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Arnault vs.

Nazareno
G.R. No. L-3820
July 18, 1950
OZAETA, J.

Article 150. Disobedience to summons issued by the National Assembly, its committees or
subcommittees, by the Constitutional Commissions, its committees, subcommittees or divisions. - The
penalty of arresto mayor or a fine ranging from two hundred to one thousand pesos, or both such fine and
imprisonment shall be imposed upon any person who, having been duly summoned to attend as a
witness before the National Assembly, (Congress), its special or standing committees and
subcommittees, the Constitutional Commissions and its committees, subcommittees, or divisions, or
before any commission or committee chairman or member authorized to summon witnesses, refuses,
without legal excuse, to obey such summons, or being present before any such legislative or
constitutional body or official, refuses to be sworn or placed under affirmation or to answer any legal
inquiry or to produce any books, papers, documents, or records in his possession, when required by them
to do so in the exercise of their functions. The same penalty shall be imposed upon any person who shall
restrain another from attending as a witness, or who shall induce disobedience to a summon or refusal to
be sworn by any such body or official.

FACTS: The controversy arose from the purchase by the Philippine Government of two
estates: Buenavista Estate (for P4.5M) and Tambobong Estate for (for P500K). P1.5M
of the P5M sum paid by the government went to Ernest H. Burt, a nonresident
American, who had interests in both estates. The sum was paid to Burt through two
corporations both represented by Jean L. Arnault.

The Senate opened an investigation into the alleged overpayment by the government
for the two estates, including the government's paying to Burt the total sum of P1.5M for
his alleged interest of only P20,000 in the two estates, which he seemed to have
forfeited anyway long before. During the investigation by the Special Committe, Arnault
testified that he deposited the two checks aggregating P1.5M into an account and he
draw on said account two checks; one for P500K which he transferred to another
account and another for P440,000 which he encashed and gave to an unnamed
person.

For refusing to reveal the name of the person to whom he gave the P440,000 as well as
answer other questions, the Senate issued a Resolution holding Arnault in contempt
and ordering him to be imprisoned in the New Bilibid Prison until he gave the answers
requested. Hence, this petition for habeas corpus filed by Arnault.

ISSUE: Whether or not Arnault is guilty of violation of Article 150 of RPC

RULING: Yes. By refusing to answer the questions, the witness has obstructed the
performance by the Senate of its legislative function, and the Senate has the power to
remove the obstruction by compelling the witness to answer the questions thru restraint
of his liberty until he shall have answered them.
Arnault vs. Pecson
G.R. No. L-4027
September 2, 1950
TUAZON, J.

Article 152. Persons in authority and agents of persons in authority; Who shall be deemed as such. - In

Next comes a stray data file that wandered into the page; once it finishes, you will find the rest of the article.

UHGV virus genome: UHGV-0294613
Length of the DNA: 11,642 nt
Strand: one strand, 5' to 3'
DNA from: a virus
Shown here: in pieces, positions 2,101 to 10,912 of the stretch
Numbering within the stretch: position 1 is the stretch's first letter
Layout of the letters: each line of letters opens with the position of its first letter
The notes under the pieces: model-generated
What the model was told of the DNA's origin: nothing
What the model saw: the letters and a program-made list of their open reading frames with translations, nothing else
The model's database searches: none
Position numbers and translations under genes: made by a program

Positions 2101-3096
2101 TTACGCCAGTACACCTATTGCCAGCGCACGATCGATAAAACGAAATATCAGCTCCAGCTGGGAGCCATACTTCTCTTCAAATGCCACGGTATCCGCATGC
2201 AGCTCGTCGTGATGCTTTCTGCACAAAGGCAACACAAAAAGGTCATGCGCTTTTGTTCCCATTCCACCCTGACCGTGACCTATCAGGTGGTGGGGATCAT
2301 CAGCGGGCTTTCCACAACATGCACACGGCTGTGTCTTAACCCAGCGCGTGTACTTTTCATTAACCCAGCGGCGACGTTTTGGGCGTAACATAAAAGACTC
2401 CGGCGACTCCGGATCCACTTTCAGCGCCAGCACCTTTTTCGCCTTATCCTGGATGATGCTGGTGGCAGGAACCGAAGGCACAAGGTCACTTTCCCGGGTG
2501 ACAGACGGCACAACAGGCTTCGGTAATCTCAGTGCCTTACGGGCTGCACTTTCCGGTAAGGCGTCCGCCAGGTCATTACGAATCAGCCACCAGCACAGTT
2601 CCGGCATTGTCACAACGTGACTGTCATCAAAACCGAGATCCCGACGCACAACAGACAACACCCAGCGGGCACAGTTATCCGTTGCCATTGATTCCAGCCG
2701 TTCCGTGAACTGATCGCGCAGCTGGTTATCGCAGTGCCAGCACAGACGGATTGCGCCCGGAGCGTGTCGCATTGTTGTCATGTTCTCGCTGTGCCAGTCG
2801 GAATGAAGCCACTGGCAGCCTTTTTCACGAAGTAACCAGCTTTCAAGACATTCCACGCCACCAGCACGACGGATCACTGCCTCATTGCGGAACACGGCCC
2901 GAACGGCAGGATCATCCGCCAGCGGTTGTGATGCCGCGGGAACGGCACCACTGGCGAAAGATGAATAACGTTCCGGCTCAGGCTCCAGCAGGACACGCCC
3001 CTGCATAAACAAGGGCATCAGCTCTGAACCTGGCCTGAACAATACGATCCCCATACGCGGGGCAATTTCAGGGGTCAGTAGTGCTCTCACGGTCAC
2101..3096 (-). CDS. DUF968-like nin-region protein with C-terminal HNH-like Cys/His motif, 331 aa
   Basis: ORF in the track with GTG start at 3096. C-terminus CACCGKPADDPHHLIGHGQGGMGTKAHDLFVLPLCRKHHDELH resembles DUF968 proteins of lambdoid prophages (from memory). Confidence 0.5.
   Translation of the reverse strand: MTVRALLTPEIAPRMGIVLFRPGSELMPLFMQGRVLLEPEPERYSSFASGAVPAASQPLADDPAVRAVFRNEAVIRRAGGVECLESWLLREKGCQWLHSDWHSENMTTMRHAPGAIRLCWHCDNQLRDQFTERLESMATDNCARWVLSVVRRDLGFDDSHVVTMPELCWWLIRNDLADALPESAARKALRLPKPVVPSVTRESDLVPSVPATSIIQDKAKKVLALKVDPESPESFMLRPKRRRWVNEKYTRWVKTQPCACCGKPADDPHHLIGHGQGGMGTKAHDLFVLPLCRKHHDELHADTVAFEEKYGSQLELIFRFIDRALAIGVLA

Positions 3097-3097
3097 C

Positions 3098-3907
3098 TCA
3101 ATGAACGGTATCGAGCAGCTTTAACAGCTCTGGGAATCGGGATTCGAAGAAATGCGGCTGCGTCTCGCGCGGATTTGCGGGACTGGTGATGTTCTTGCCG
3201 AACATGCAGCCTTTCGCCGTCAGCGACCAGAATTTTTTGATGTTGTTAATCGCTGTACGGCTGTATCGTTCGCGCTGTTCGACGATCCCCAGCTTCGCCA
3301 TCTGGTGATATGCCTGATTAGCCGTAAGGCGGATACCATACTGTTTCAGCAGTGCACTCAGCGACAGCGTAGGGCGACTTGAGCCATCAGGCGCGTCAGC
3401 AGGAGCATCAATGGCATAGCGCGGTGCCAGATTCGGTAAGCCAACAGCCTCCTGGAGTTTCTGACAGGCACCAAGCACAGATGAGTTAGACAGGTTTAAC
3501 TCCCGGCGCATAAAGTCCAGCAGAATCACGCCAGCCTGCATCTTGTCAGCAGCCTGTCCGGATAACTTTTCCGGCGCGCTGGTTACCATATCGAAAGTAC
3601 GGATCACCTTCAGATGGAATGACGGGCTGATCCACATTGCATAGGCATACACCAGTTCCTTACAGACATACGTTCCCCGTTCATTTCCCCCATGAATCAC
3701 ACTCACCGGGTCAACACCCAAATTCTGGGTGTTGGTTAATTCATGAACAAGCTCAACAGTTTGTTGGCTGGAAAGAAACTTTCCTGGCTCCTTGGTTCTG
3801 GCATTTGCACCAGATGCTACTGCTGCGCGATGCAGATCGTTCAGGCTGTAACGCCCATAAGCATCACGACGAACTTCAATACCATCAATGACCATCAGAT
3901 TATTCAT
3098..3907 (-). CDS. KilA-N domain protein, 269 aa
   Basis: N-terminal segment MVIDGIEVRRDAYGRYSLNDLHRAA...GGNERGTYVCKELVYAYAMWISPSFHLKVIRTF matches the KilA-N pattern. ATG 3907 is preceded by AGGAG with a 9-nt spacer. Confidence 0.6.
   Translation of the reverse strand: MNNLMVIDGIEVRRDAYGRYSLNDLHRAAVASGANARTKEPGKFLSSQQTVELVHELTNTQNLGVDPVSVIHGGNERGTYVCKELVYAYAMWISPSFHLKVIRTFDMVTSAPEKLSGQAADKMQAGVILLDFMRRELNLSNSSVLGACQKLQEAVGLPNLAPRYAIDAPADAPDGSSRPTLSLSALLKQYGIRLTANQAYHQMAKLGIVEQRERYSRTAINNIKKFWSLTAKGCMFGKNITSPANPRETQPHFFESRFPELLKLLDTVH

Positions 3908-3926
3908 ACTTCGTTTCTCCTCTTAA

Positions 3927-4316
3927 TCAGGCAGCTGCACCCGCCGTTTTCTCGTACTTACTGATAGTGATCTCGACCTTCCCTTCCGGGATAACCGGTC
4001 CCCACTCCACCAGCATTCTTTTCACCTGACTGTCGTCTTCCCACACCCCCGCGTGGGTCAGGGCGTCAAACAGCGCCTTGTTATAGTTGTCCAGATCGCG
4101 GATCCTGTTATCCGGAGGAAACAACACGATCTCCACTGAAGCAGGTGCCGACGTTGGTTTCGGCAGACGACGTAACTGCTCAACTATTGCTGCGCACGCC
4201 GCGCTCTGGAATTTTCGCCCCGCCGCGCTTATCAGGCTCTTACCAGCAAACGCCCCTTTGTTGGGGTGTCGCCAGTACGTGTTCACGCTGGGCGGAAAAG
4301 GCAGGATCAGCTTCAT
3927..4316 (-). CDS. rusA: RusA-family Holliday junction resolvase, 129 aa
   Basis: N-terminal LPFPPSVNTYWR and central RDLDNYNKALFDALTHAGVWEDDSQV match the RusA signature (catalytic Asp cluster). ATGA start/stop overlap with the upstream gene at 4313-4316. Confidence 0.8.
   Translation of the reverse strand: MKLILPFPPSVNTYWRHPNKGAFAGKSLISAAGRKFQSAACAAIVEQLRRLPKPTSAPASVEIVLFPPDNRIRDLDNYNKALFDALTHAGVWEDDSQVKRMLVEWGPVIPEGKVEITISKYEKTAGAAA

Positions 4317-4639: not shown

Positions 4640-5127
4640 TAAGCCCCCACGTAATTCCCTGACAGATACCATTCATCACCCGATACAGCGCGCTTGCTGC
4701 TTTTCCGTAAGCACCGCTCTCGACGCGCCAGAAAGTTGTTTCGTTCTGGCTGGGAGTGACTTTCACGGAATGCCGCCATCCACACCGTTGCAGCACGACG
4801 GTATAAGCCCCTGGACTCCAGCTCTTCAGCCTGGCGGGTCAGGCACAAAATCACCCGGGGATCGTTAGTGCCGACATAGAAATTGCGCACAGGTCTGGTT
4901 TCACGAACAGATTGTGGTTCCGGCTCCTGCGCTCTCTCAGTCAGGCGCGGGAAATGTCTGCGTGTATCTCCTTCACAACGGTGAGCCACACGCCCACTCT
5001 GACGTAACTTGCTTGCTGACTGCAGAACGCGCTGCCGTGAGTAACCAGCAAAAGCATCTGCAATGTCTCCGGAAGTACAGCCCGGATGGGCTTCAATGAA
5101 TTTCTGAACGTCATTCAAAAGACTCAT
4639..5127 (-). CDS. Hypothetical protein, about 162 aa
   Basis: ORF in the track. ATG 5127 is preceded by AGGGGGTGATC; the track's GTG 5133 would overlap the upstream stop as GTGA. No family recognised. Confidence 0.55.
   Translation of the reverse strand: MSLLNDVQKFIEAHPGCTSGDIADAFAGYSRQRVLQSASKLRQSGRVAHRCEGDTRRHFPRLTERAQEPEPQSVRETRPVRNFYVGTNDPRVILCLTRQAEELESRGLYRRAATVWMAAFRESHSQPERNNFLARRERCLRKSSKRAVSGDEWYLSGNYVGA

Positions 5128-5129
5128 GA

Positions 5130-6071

applying the provisions of the preceding and other articles of this Code, any person directly vested with
jurisdiction, whether as an individual or as a member of some court or governmental corporation, board,
or commission, shall be deemed a person in authority. A barrio captain and a barangay chairman shall
also be deemed a person in authority.

A person who, by direct provision of law or by election or by appointment by competent authority, is


charged with the maintenance of public order and the protection and security of life and property, such as
a barrio councilman, barrio policeman and barangay leader and any person who comes to the aid of
persons in authority, shall be deemed an agent of a person in authority.

In applying the provisions of Articles 148 and 151 of this Code, teachers, professors and persons charged
with the supervision of public or duly recognized private schools, colleges and universities, and lawyers in
the actual performance of their professional duties or on the occasion of such performance, shall be
deemed persons in authority. (As amended by PD No. 299, Sept. 19, 1973 and Batas Pambansa Blg.
873, June 12, 1985).

FACTS: In the municipality of San Enrique, Negros Occidental, Hilarion


Sarcepuedes laid hands on Lucrecia L.Bustamante, a teacher-nurse, in the
school building of the town by hitting her twice on the face with his raincoat
and violently pushing her to the window. The assault took place because Lucrecia had
ordered the closing of a pathway across her land thru which Hilarion and his
wife to pass in going to and from the school, closing which Hilarion deeply
resented. It seems that Sarcepuedes sought Lucrecia Bustamante at the school
premises to demand an explanation. One word led to another and to the criminal
employment of force already described.

ISSUE: Whether or not the offended party is a person in authority

RULING: Yes. According to the Court of Appeals Lucrecia L. Bustamante was,


on the day of the commission of the offense, a teacher-nurse of the San Enrique
Elementary Public School, among her official duties being to give health instruction to
the pupils to instruct teachers about how to give first aid treatment in the school clinic
and to look after the sanitary facilities of the school. The contention must consequently
be overruled, since a teacher is expressly included in Article 152 among the officials
deemed to be persons in authority.